6 February 2018

Southern Africa: Namibia Faces Fresh Armyworm Outbreak

Photo: Daily Monitor
The fall armyworm.

Ongwediva — The Ministry of Agriculture, Water and Forestry has warned that the country is likely to experience a second armyworm outbreak in a row, following last year's one.

"According to the data that was collected from pheromone traps on the number of Fall Armyworm (FAW) moths, the data shows that FAW is still around and as soon as the host plants are available the moths will start producing egg masses on the plant leaves," said the PS of agriculture, water and forestry, Percy Misika.

According to Misika the traps were set up in all crop growing regions from the onset of the cropping season to monitor and to ensure early detection of the armyworms that devour entire crop fields.

The pheromone traps were procured by the Food and Agriculture Organisation (FAO) and were distributed to Southern African countries including Namibia.

Other countries currently affected by the outbreak during the 2017/18 cropping season are Malawi, South Africa and Zambia of which about 55,000 hectares are affected altogether.

In Namibia, armyworm last year caused extensive damage to households in the North-eastern region. They damaged 13 percent of the maize planted in the communal areas and six percent of the maize in the commercial areas.

Similarly, six percent of pearl millet and two percent of sorghum grain was lost as a result of armyworm.

The ministry has assured that it is ready for the outbreak and has procured pesticides, which have already been distributed to all the crop growing regions in the country.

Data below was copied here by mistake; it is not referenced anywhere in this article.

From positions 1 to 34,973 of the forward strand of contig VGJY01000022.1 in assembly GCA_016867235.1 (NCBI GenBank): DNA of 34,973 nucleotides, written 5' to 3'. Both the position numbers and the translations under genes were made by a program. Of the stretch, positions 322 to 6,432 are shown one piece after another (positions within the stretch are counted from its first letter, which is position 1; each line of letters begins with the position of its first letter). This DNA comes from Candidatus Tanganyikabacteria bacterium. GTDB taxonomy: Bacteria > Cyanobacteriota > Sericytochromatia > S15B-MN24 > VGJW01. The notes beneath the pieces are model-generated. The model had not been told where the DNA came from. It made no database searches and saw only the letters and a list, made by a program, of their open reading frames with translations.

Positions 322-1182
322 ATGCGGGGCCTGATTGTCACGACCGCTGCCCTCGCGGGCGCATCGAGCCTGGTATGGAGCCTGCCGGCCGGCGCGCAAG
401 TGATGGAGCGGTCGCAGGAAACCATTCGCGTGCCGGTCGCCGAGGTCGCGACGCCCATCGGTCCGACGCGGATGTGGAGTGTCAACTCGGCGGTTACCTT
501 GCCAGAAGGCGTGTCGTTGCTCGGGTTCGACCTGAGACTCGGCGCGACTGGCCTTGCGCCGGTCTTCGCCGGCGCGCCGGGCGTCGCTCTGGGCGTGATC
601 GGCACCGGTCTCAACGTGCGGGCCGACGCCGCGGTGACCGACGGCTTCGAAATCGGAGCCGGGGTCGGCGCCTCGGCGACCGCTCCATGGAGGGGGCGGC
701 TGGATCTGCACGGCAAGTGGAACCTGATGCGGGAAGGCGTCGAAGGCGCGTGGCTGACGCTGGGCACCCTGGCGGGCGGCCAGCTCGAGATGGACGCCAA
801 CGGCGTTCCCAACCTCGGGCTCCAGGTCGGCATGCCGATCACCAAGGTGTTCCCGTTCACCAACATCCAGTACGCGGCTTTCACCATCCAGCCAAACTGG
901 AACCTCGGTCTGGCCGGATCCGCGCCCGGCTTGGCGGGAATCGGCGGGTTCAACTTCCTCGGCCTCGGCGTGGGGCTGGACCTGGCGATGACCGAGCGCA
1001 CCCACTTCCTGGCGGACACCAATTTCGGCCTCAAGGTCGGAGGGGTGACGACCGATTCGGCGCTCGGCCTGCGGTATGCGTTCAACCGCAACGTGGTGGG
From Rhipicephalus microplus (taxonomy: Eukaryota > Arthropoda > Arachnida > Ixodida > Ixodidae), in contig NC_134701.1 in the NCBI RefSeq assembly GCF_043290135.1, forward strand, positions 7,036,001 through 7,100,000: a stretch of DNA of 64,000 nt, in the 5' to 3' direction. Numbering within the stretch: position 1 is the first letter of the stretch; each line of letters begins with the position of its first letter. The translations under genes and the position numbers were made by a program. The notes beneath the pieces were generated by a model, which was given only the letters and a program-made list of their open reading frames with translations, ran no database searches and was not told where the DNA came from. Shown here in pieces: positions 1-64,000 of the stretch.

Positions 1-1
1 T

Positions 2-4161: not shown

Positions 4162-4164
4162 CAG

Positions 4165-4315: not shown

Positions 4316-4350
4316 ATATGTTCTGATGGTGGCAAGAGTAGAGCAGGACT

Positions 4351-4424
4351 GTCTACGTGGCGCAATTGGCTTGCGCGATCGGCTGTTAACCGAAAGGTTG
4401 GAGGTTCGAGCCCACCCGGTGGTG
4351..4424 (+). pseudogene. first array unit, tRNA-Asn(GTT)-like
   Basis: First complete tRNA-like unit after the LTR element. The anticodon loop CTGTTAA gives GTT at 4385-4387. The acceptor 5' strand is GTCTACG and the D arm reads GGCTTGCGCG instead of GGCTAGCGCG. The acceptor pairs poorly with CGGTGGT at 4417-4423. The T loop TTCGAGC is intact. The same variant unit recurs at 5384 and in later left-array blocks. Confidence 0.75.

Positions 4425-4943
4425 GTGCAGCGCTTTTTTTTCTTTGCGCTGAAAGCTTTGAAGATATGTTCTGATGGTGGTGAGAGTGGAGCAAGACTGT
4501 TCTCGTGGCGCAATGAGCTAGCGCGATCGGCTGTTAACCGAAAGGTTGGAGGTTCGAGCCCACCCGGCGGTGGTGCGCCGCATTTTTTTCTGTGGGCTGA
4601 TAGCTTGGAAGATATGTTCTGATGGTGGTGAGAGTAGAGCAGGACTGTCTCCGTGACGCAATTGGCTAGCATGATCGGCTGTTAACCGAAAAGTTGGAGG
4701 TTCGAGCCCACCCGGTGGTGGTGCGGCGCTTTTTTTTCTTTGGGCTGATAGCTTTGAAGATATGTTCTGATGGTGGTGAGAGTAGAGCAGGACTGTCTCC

The Ministry of Agriculture, Water and Forestry is also in the process of procuring more pesticides to top up the available pesticides.

"It is not safe to say that the government has procured enough pesticides as the quantity of pesticides required depends on the level of infestation experienced and environmental factors like temperature and rain can influence the presence of the pest in the area," Misika explained.

The ministry of agriculture has also trained its staff so that they are able to train farmers to enable them to identify the pest and make prompt decisions.

The ministry encouraged farmers to scout regularly to be able to detect the presence of larva on their plants and to spray plants while the larva is still young as it is the only stage that they are still susceptible to chemicals.

Apart from the pesticides procured by government, the pesticides are also available in local markets with registered dealers.

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